In a mixture of chaos and discipline, a new album by German punk rockers Die Toten Hosen showcases works once suppressed by the Nazis, so-called "degenerate music."
Two years ago, the German punk band Die Toten Hosen got together with the symphony orchestra of the Robert Schumann Music School in Düsseldorf. The unusual ensemble produced a series of concerts commemorating music once suppressed by the Third Reich.
Just as Jewish and non-Aryan painters were labeled "degenerate artists" in an exhibition showcased by the Nazis in Munich in 1937, another exhibition directly attacking music took place in Düsseldorf the following year.
"Entartete Musik" (Degenerate Music) presented musical works that were to be banned from the acceptable repertory. The exhibition defamed a number of cabaret, jazz, and avant-garde pieces - above all, music by Jewish composers. These musicians had to flee the country or were sent to concentration camps.
To this day, many of these works are largely unknown, as they received little exposure even after the war.
In October 2013, 75 years passed since those works had been declared "degenerate." That's when Die Toten Hosen and the orchestra of young musicians gave a series of commemorative concerts in Düsseldorf titled "Willkommen in Deutschland" (Welcome to Germany).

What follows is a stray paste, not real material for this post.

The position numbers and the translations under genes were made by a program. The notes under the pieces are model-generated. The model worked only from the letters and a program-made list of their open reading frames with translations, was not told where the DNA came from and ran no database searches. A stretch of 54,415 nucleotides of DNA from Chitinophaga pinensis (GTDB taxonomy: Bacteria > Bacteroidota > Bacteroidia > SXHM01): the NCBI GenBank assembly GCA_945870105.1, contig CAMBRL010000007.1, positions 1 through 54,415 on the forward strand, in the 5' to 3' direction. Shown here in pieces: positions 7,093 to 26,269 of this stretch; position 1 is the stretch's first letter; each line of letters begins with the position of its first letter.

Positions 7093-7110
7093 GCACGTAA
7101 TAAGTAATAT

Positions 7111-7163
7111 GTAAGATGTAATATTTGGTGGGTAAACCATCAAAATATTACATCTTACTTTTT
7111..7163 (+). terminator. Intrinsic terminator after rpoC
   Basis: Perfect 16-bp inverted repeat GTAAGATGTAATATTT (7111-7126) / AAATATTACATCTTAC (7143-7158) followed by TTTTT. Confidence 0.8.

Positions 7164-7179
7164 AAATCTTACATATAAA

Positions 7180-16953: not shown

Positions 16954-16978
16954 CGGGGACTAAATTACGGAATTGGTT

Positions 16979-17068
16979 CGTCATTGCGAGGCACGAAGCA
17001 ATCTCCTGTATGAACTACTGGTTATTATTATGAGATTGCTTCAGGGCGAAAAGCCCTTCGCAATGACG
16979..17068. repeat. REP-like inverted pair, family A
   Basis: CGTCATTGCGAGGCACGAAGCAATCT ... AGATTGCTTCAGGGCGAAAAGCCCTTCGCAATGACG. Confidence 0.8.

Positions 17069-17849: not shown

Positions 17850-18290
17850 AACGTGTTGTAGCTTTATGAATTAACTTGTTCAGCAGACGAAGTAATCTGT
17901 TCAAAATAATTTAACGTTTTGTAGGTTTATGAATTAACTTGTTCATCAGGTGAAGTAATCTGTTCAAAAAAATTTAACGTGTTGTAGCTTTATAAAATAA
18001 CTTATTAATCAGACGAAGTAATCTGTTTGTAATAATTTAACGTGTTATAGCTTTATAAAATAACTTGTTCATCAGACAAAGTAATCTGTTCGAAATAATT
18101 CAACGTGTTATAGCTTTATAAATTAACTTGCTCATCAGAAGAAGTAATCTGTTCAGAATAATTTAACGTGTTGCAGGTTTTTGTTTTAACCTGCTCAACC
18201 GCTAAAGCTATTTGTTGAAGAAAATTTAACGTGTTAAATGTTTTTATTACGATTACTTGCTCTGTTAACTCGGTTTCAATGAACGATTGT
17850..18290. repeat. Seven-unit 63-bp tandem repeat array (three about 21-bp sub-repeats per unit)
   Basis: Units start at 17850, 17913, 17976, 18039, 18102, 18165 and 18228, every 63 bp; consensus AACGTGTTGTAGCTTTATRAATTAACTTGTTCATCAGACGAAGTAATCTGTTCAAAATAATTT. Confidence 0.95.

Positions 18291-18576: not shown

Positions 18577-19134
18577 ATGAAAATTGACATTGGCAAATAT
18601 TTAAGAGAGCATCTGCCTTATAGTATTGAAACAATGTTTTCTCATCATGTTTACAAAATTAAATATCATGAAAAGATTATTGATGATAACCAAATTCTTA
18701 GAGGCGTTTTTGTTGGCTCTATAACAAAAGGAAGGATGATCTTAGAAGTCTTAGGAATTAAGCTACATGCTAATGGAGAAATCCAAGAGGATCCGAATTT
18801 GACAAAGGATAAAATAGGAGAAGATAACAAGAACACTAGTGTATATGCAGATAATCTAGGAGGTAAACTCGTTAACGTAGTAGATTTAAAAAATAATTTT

Now comes the release of live recordings from the successful concert series.
Chaos and discipline
Turning the concert into an album was not initially planned. In 2013, Die Toten Hosen had just completed a big tour and had only a week to practice with the students.
Adding to the challenge, the rockers were used to a completely different musical approach: "We had to get accustomed to things like the conductor's cues. We can't even read sheet music," says band member Breiti in the documentary film accompanying the album.
Yet everything had been prepared so well that the self-taught musicians managed to navigate with the symphony orchestra, allowing the conductor Rüdiger Böhm to take the lead instead of the band's frontman Campino, who said: "We felt completely comfortable in this mixture of chaos and discipline."
From Kurt Weil to Arnold Schoenberg
The concert included an eclectic combination of film music, songs written in concentration camps, Yiddish music and works by Kurt Weill, including "Mack the Knife" from Bertolt Brecht's "The Threepenny Opera," as well as the dramatic piece "A Survivor from Warsaw" by Arnold Schoenberg, the creator of the influential twelve-tone system of composition.
The band has always taken a position against neo-Nazis, and some of its hits were also arranged for orchestral accompaniment.
Released on October 30, "Entartete Musik Willkommen in Deutschland - ein Gedenkkonzert" (Degenerate Music Welcome in Germany - a Memorial Concert) includes a double CD and an accompanying documentary on DVD.
eg / rf (dpa, http://www.rsh-duesseldorf.de)